The title isn’t one you’d brag to your parents about. Young people, however, have done it again. Blue Earth County snagged the top spot in the state chlamydia rankings.

This is one predicament that can’t be blamed on the COVID-19 pandemic. The Minnesota Department of Health’s recent report of sexually transmitted diseases counts cases in 2019.

The county had 524 cases of chlamydia last year, which is a rate of 819 per 100,000 residents. This is not a new trend for our area. Blue Earth County previously ranked second in 2018, fourth in 2017 and 2016, and fifth in 2015.

And the area’s reputation was in place even before then. Maybe everyone’s forgotten former Vikings football player Chris Kluwe, but his 2013 quote about Mankato being the STD capital is remembered by many.

Young people, and their parents and their health care providers need to be informed. Most people don’t have symptoms of the disease, according to the Centers for Disease Control and Prevention. Residents between 15-34 years old accounted for 88% of chlamydia cases in the state in 2019.

This continued chlamydia uptick should raise red flags even as health concerns are mostly diverted to the coronavirus. Discussion of STD prevention, including the use of condoms, needs to be part of the conversation with young people who choose to be sexually active. And, of course, now if you’re intimate enough to catch an STD, you’re close enough to breathe in the coronavirus.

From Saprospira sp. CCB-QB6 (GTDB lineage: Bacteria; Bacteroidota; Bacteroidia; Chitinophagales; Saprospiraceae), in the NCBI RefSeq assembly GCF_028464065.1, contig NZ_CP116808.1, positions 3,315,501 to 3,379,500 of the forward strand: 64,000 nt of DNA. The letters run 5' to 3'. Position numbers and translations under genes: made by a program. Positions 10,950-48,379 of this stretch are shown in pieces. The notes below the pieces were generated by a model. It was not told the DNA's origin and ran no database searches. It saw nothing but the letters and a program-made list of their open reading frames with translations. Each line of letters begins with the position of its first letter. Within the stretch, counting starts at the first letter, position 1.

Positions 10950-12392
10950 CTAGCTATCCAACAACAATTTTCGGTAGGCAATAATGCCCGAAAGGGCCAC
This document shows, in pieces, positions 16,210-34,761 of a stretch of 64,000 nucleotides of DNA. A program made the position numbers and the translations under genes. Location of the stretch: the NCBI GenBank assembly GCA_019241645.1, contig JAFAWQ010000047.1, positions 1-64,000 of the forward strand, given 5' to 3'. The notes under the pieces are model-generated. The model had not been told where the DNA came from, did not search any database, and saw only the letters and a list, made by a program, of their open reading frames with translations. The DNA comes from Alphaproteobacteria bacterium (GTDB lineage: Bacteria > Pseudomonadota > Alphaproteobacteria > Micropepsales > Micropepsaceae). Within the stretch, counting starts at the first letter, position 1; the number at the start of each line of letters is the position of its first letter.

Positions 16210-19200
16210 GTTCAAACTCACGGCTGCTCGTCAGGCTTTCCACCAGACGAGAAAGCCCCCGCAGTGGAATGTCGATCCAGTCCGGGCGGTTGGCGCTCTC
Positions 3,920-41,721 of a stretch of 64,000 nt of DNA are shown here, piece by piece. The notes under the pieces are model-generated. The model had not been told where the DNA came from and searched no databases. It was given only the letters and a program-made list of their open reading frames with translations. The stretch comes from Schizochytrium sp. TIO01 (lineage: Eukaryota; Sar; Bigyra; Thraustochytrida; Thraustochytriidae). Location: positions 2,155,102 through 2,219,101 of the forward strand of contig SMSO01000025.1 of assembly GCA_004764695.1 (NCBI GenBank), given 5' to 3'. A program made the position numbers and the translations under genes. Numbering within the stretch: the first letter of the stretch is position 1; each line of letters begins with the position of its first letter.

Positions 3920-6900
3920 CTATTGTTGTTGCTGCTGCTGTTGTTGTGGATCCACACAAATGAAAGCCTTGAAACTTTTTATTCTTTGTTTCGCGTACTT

Changes in socializing and physical distancing might mean STD numbers will dip in 2020, but the climb in chlamydia cases has been part of a trend that likely won’t fade for good if at all. From 2015 to 2019, the county’s chlamydia rate rose by 72%.

This isn’t only Blue Earth County’s problem, despite its high ranking in this particular STD. Overall STD cases — chlamydia, gonorrhea and syphilis — rose statewide as well in recent years.

A positive sign in the county is that about 80% of the chlamydia cases were already treated by the time the health department received the case reports. That means most people are seeking treatment when they should.

The sharing of this information annually is important to keep the public informed about what exactly is going on in their counties so they can be aware and take measures to protect themselves.

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